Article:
• Sets standards for refuse enclosures and dumpsters to be maintained in a clean and orderly appearance to address the dumping and rubbish in order to create a clean, safe environment for people.
• Sets hours of operation for permitted businesses.

Formulation of the plan for the SUD included public engagement via an online survey and-

Public Meetings
• Dutchtown Main Streets – Economic Vitality Meeting March 8, 2022
• Gravois-Jefferson Development Review Committee Meeting March 16, 2022
• Dutchtown Community Improvement District Board Meeting March 22, 2022
• Dutchtown Main Streets Meeting May 3, 2022
• Pop-up at Meramec Magic March 19, 2022
Local Institutions Meetings
• Meramec Elementary
• St. Anthony of Padua
• St. Lukes Lutheran Church
• St. Mary’s High School
Community Organizations
• DeSales Community Development Corporation
• St. Joseph’s Housing Initiative,
• Lutheran Development Group
• Tower Grove Neighborhoods Community Development Corporation

Prohibited uses include cell towers, gas stations, outdoor pay telephones, public storage facilities, and warehouses. Conditional uses include auto part and truck part sales, blood or plasma donor facilities, candle manufacturers (forbidden by current zoning), cell phone, beeper, and pager shops, food manufacturers, and glass blowing shops (forbidden by current zoning). Convenience stores are a conditional use if they offer fresh fruits and vegetables, do not offer tobacco products, offer hot and cold prepared food, and offer baked items.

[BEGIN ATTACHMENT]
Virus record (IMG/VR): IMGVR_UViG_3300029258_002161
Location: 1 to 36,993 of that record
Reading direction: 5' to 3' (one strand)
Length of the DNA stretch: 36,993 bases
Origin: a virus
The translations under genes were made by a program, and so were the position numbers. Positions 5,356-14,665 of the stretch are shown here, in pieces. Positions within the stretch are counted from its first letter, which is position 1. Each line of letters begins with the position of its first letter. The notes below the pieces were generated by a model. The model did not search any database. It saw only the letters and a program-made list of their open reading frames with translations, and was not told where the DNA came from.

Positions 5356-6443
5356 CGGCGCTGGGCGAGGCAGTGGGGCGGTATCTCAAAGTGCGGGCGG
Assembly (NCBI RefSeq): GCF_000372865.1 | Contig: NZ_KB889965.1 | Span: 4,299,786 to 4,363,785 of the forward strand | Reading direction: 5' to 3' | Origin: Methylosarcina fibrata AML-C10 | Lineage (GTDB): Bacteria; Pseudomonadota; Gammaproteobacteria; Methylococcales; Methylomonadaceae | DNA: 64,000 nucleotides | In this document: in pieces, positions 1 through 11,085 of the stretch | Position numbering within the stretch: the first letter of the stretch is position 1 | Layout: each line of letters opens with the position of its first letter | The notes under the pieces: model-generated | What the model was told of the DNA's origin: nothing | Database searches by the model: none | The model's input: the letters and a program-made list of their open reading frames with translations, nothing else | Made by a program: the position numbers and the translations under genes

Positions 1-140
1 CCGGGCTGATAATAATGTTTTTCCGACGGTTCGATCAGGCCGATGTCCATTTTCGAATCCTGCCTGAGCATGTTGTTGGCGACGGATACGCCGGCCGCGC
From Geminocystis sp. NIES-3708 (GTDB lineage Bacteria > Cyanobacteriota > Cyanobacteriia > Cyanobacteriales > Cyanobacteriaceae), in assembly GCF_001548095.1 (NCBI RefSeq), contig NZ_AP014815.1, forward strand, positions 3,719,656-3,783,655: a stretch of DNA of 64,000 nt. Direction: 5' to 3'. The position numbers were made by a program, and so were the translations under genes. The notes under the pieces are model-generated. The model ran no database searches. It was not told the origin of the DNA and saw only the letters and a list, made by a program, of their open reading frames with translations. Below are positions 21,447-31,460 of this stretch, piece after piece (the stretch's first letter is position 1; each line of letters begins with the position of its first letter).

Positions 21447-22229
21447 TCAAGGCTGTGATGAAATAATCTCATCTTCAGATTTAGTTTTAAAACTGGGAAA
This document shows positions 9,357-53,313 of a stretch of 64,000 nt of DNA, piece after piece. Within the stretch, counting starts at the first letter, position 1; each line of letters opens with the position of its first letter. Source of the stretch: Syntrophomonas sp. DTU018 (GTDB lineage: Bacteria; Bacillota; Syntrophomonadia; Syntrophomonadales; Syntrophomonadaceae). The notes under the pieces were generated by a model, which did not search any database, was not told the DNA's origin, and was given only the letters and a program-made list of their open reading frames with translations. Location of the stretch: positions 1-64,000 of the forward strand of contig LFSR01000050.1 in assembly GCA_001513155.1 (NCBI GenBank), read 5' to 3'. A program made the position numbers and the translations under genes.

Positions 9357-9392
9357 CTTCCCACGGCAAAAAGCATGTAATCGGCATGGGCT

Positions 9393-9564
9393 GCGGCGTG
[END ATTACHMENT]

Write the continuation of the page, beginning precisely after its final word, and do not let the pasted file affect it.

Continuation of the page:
Permitted uses include-

A) Arcades
B) Art studios
C) Art galleries
D) Artisan manufacturers not exceeding three thousand five hundred (3,500) square feet;

E) Coffee or tea shops
F) Delis and cafes
G) Dry goods shops
H) Fitness center and gyms
I) Gift shops
J) Grocery stores that comply with the following requirements
i. Offers fresh fruits and vegetables intended for home preparation and consumption
ii. Does not offer tobacco products
K) Hobby and toy shops
L) Professional or general offices
M) Restaurants or carryout restaurants with or without walk-up windows that
i. Do not have a drive thru
N) Yoga therapy or yoga studios
O) Multi-family that follows the population density of the “E” Multiple-Family Dwelling District
P) A mix of uses as permitted under Section Six or Section Seven of this Ordinance.

The SUD would eliminate parking minimums for commercials uses and for residential dwellings with eight or fewer units. For residential dwellings with greater than eight units, the minimum is 0.6 spaces per unit.

There will be opportunities for people to comment during hearings for the bill.

It’s great to see the recognition of the negative impact that low-productivity auto-oriented land uses and the regulations that encourage and mandate them have on a community. Banning dangerous, wealth destroying, land wasting uses like gas stations and drive thrus should be applied to more of the city, as well as reducing and eliminating parking mandates. We’d be wealthier, healthier, and happier for it.